UK Politics

Sighs at culture department as latest axe rumour denied

Maria Miller, culture secretary
Image caption Culture Secretary Maria Miller has ruffled feathers over Leveson

The prime minister's spokesman has said there are no plans to scrap the Department for Culture, Media and Sport.

The statement followed reports that its future might be under threat.

But some government and industry sources have suggested the department could yet be axed.

One government source said: "DCMS officials are pretty poor and industries don't think they're being well served. There's a lot of chatter in Whitehall about this."

A senior telecoms executive told the BBC: "There is no love for the DCMS whatsoever," adding: "No-one has a strongly positive view of the DCMS. That has always been the case. It's always been seen as a weak department."

Those who argue government could get by very well without a separate cabinet minister overseeing culture, media and sport say other departments could pick up its responsibilities.

Press annoyed

Jobs have already been cut at the DCMS, with the headcount falling from more than 500 to 330.

Now the Olympics Games are over, their argument goes, it has served its purpose.

There is criticism too from industry and political sources of the outgoing permanent secretary - the department's most senior civil servant - Jonathan Stephens.

This all draws a weary sigh from DCMS supporters.

They point out the possibility of scrapping the department is often discussed before major financial statements, and officials there have used voluntary redundancies to cut costs.

The Culture Secretary, Maria Miller, they argue, may have made herself unpopular dealing with the Leveson Report - annoying some in the press - and same-sex marriage, upsetting some Conservatives MPs, but that is a sign of her strength.

As for the permanent secretary, he was leaving after six years and a triumphant Olympics, said a DCMS source, and had neither been sacked nor edged out.

And there is support for other personnel.

Two industry figures who spoke to the BBC praised Culture Minister Ed Vaizey.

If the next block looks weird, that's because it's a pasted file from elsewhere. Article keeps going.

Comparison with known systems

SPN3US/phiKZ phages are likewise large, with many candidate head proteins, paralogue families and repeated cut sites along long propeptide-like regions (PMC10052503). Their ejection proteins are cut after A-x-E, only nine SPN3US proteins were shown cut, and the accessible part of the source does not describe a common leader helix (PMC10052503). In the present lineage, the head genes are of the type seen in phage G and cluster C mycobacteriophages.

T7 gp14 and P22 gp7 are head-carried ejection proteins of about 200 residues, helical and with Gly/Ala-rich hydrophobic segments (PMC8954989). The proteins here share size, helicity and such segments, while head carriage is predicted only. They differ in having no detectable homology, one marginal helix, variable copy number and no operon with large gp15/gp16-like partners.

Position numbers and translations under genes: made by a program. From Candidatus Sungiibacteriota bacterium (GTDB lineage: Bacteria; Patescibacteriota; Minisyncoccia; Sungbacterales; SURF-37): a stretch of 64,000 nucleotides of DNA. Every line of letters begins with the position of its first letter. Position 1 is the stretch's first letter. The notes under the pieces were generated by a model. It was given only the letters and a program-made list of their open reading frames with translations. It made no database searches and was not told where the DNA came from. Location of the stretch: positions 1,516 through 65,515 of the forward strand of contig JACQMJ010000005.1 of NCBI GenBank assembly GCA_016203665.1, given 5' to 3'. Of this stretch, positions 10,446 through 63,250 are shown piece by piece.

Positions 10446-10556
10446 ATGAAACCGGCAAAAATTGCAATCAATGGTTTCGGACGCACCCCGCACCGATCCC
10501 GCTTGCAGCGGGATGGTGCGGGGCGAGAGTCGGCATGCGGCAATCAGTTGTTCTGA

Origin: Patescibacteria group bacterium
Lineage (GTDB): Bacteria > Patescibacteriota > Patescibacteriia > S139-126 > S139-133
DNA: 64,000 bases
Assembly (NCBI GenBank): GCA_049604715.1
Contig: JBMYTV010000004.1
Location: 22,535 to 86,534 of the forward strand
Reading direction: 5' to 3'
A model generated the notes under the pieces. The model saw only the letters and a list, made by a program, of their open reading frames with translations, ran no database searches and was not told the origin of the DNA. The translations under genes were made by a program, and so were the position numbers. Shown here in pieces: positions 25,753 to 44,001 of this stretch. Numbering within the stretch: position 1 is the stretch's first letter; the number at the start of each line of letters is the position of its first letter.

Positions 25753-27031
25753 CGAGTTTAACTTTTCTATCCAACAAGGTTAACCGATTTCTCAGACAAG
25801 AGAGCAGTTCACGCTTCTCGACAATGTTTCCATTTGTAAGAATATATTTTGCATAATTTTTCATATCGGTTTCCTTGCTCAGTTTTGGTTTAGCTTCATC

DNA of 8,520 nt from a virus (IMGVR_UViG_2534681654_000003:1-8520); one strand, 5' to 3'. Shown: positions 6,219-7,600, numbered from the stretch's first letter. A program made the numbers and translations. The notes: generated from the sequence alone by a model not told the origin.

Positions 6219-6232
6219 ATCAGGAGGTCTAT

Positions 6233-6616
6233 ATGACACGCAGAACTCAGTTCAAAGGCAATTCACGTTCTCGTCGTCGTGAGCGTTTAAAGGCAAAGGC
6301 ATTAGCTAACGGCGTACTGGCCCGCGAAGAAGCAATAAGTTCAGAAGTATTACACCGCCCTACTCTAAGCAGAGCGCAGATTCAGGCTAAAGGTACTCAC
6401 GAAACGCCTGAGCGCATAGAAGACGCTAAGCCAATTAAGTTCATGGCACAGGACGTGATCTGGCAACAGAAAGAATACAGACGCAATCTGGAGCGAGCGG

Mrs Miller has already defended her position on Twitter.


When the Labour MP Dan Jarvis tweeted to say sources suggested her department could be scrapped, she took to the social networking site to dismiss that as "nonsense".

The department, though, is used to criticism.

People have questioned its existence ever since its forebear - the Department of National Heritage - was created in 1992.

Back then it was dubbed the Ministry of Fun.

Now it is, like many other departments, negotiating with the Treasury about its 2015 budget.

The process, and the rumours, are far from fun.

Crucially though, a Treasury source describes reports of the DCMS's demise as "nonsense".

And for some in business, the fate of the department is relatively unimportant.

A key chief executive in the creative industries said he simply did not feel strongly about which government department was in charge of which policy.

It was far more important, he said, that civil servants communicated with each other.

He said: "My priority is to make sure you have joined-up government."

For DCMS ministers and staff there are no absolute guarantees.

Asked whether the department would exist in its current form in 2015, the prime minister's spokesman said he would not "speculate on the machinery of government".

It all means that whatever reassurances are given on or off the record, the traditional uncertainty about its future is unlikely to go away.

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